The robotic arm of the InSight landing platform successfully unhooked from the HP3 drilling rig and completed a test of its stability, which opens the way for the start of the first Martian “excavations”.
“According to our current plans, HP3 will receive a launch team on Monday and will start work on Tuesday, at about 10 am, Martian time. If everything goes well, we will be the first, apart from the Apollo astronauts, who managed to drill the surface of another planet to a greater depth, “- said Tilman Spohn, project manager for HP3.
The descent module InSight made a successful landing on the Elysian Plain at the equator of Mars at the beginning of December last year. He became the official heir to another NASA geologist probe, the Phoenix Lender, who landed on Mars in May 2008 to search for traces of life and water in its soil.
A seismograph is installed on board, as well as a geophysical thermometer, which will be installed in a five-meter well for measuring the temperature of the depths of Mars. One of the instruments of the probe will track the rotational oscillations of the planet with high accuracy, which will help determine the mass distribution in the planet’s interior and better understand its internal structure.
At the end of December, the probe successfully deployed solar panels, extended its arm and installed a seismometer in one of the flattest and safest points in its immediate vicinity. In early February, it was closed with a special “lid” and began to conduct full-fledged scientific observations.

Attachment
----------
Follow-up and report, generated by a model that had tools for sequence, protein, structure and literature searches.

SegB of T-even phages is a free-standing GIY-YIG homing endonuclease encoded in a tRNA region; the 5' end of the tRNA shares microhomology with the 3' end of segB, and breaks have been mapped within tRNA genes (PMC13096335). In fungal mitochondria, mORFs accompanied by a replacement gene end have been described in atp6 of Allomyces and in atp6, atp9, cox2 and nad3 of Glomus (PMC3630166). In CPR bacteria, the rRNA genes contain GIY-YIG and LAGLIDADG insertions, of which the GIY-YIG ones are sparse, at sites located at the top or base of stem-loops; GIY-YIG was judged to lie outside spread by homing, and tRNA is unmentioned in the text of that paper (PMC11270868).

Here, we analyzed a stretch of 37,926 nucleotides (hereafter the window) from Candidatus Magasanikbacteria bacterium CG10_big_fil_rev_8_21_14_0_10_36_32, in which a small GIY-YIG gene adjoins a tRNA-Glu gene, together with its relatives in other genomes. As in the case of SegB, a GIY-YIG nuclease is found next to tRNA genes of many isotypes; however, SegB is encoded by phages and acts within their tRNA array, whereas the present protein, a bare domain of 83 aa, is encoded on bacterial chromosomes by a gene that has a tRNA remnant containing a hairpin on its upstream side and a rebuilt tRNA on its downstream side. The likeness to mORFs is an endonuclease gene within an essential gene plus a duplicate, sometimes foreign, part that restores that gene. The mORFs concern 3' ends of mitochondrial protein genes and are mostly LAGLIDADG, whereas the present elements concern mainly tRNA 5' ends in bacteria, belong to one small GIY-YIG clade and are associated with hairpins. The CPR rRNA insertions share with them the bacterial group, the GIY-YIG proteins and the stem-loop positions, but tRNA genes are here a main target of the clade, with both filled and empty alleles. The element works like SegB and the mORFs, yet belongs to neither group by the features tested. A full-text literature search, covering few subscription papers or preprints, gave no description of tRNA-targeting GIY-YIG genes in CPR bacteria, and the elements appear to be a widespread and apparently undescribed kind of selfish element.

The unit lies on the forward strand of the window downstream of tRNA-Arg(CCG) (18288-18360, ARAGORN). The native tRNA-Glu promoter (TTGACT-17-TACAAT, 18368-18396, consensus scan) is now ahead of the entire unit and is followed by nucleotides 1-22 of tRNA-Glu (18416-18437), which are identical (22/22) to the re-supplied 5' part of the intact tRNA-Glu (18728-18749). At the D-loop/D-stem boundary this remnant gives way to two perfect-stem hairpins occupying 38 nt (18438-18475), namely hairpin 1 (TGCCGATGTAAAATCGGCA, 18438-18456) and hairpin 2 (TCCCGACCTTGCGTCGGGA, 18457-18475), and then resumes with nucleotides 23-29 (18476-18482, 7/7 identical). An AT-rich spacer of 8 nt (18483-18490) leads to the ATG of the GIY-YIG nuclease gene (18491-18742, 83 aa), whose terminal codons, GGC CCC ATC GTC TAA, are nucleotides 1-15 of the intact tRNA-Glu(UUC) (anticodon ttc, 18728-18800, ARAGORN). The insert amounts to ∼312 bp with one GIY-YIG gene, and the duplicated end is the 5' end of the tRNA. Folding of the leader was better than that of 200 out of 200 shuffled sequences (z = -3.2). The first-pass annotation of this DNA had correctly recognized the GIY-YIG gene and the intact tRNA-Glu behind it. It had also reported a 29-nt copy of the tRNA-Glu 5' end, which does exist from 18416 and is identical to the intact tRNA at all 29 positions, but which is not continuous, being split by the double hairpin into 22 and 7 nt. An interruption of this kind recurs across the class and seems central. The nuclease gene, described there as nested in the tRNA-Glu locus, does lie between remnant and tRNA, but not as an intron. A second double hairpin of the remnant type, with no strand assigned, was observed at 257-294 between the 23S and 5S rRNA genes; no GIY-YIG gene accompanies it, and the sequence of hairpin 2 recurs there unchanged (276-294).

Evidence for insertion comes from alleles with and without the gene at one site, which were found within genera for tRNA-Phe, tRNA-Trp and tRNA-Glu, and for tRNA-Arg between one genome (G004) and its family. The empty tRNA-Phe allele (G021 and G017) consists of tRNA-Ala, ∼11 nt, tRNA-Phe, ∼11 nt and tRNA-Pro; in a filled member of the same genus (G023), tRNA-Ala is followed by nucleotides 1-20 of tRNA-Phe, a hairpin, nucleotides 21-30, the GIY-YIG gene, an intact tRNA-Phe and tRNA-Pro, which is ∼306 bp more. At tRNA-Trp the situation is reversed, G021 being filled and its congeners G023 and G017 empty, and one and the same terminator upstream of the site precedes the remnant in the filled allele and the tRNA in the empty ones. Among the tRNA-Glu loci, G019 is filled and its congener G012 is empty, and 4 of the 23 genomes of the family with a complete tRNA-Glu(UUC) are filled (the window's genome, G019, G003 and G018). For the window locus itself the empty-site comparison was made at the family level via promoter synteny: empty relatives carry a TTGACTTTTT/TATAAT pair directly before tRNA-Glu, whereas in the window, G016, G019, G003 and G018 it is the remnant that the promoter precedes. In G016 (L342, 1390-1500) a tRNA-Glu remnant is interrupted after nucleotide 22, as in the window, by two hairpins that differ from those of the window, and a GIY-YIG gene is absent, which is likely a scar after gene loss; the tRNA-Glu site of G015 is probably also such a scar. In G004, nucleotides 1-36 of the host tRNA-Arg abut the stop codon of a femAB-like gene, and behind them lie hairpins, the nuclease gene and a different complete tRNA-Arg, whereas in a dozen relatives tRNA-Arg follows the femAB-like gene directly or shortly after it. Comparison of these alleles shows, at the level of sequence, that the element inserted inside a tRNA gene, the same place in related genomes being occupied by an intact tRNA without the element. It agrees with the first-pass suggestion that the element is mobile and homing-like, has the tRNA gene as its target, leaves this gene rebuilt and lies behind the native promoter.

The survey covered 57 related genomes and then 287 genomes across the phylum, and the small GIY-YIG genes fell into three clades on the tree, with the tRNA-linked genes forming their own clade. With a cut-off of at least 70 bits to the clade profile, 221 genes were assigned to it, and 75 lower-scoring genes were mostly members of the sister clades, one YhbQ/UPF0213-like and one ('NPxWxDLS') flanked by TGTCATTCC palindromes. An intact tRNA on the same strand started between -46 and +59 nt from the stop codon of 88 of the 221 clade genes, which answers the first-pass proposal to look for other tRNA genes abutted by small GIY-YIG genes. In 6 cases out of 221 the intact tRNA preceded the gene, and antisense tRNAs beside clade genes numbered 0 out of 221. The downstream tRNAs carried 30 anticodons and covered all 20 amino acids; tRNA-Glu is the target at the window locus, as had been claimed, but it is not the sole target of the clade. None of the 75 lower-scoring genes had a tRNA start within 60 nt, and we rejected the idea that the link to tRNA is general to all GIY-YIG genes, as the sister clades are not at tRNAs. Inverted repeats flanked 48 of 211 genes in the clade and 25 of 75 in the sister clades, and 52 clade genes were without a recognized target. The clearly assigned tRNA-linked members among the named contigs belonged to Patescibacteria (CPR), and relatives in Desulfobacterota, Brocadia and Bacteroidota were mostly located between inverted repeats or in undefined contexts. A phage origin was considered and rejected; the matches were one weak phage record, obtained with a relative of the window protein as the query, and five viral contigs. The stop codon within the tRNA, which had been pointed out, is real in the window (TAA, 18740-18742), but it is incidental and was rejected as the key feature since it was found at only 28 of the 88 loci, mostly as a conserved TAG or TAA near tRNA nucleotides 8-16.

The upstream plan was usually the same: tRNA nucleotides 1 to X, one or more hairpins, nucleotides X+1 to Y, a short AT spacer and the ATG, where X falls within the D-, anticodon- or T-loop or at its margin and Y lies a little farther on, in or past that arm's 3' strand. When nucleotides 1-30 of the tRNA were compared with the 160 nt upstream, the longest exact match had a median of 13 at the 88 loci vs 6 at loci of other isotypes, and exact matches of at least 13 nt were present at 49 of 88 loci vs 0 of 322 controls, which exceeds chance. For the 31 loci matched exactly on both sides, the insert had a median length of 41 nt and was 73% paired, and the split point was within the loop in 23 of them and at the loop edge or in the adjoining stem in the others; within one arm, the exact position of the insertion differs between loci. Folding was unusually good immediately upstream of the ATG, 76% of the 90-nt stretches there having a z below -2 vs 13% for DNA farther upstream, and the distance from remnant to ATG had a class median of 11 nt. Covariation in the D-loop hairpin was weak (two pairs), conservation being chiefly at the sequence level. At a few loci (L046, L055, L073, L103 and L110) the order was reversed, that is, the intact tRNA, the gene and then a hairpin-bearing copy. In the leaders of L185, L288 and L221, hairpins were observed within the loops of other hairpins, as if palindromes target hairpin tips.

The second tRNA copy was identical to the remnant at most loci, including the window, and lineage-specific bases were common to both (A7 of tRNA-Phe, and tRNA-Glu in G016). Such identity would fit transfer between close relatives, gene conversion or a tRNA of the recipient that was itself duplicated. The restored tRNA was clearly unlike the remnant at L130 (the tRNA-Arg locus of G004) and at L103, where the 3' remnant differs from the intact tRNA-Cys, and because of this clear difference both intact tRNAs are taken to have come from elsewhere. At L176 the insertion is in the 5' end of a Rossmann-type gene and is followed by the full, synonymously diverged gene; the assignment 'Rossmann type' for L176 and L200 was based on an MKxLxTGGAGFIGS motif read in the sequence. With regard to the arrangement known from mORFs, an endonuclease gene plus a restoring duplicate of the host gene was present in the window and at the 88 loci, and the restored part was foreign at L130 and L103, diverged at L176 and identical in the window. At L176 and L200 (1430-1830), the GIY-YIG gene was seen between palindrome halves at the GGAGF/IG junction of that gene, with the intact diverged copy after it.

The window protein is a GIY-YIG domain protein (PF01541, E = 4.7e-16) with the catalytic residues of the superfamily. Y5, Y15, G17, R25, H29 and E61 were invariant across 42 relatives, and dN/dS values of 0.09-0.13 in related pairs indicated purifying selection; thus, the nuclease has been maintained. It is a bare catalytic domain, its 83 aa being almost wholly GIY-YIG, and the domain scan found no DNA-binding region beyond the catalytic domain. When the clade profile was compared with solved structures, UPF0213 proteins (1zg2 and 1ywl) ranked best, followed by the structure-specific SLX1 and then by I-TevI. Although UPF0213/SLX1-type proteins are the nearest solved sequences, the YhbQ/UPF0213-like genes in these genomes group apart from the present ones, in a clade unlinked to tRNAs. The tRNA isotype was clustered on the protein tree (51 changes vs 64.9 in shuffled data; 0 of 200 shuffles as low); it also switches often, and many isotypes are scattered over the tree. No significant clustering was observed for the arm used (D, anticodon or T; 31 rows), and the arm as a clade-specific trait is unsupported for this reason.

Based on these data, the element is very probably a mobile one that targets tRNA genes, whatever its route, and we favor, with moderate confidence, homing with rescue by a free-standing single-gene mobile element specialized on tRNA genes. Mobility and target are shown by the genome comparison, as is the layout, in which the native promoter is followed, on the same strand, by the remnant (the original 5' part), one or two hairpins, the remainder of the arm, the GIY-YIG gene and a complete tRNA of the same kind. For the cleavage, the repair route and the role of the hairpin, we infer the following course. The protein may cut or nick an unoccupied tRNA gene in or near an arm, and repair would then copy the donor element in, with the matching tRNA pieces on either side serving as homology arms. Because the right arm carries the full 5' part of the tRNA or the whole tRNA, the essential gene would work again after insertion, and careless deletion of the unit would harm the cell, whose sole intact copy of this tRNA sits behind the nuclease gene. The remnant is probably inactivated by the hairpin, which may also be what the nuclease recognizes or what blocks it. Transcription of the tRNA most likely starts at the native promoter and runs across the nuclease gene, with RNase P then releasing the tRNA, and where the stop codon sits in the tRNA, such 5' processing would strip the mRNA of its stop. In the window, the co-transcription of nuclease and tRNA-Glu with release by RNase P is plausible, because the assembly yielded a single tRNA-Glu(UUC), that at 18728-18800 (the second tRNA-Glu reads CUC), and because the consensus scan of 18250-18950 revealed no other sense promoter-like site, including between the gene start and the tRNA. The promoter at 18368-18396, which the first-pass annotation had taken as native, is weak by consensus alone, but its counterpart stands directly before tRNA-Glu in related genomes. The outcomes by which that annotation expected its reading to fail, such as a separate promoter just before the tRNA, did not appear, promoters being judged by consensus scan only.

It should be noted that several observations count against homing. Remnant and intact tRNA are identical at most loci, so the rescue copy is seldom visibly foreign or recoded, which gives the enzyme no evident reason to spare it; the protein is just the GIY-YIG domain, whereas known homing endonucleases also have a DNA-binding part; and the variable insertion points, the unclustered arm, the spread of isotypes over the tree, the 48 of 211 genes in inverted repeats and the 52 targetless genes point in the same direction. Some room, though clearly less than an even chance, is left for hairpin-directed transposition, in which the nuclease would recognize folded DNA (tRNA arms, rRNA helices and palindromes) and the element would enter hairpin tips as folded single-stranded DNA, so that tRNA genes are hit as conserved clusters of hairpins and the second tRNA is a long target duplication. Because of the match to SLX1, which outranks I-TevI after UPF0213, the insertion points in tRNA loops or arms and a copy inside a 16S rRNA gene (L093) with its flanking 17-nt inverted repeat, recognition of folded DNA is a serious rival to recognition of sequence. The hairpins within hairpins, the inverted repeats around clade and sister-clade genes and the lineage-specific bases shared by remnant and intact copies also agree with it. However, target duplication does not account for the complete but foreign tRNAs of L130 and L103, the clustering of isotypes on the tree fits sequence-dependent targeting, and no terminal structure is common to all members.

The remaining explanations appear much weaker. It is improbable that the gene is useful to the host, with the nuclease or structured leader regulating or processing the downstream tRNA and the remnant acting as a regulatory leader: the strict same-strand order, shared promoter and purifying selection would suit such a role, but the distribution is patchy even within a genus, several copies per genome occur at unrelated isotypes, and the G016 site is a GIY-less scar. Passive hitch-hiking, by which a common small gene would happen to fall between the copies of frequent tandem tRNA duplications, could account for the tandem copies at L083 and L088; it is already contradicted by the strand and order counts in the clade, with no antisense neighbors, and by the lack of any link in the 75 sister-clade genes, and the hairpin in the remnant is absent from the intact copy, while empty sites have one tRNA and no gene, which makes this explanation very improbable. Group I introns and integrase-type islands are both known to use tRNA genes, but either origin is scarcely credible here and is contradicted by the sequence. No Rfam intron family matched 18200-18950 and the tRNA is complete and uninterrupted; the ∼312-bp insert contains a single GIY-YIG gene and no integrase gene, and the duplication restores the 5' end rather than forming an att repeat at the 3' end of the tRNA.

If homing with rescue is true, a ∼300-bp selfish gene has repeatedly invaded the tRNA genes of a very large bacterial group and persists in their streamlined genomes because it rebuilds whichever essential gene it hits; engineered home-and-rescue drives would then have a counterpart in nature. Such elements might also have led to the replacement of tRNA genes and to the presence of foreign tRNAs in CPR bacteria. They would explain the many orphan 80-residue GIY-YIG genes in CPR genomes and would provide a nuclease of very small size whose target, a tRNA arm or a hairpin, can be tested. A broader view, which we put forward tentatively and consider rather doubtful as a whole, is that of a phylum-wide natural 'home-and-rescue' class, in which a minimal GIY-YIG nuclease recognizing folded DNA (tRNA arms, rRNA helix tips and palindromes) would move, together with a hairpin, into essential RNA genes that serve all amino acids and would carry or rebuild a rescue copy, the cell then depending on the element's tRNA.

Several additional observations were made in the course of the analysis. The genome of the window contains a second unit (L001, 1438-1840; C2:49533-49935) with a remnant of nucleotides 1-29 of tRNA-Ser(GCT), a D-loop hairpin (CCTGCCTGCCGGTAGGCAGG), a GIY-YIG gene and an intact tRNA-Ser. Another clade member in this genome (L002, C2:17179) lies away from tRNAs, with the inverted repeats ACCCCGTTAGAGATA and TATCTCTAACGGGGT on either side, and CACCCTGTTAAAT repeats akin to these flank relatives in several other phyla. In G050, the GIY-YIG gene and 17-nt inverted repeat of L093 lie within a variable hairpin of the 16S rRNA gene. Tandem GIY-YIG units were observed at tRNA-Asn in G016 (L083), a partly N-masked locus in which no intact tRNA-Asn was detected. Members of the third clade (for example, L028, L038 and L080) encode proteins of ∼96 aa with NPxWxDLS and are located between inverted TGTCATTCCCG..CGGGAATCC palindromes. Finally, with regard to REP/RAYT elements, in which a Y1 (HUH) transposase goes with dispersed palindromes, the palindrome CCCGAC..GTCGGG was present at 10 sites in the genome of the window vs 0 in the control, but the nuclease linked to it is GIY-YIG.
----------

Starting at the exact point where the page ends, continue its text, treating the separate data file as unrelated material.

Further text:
More than a week ago, German scientists and their American colleagues began installing the second main tool of InSight, the HP3 drilling rig. This complex multistage procedure was completed only yesterday, when the robotic arm unhooked from the shell of this device and completed the cable test, with which it connects to the landing module.
Tomorrow Spon and his colleagues will send a special set of commands to InSight, which will release the Mole, the active part of HP3, from the bolts that held it in place during the flight, and begin preparations for drilling. Scientists will learn about the results of this procedure only on Sunday, after which they will decide to start drilling or cancel all operations.
As geologists hope, in the first days of work, HP3 will penetrate to a depth of about 70 centimeters, which we will learn on Wednesday or Thursday next week. After that, the drill will receive two days of rest, which scientists plan to spend on checking thermal sensors InSight and keeping the first observations of the temperature of the depths of Mars.
At the end of the week, drilling operations will be resumed – at first, HP3 will pass another 30 centimeters and will again stop for two days, and in the following “working days” it will go deeper by 50 centimeters until it reaches a depth of five meters. This will happen, as researchers expect, around the beginning of April.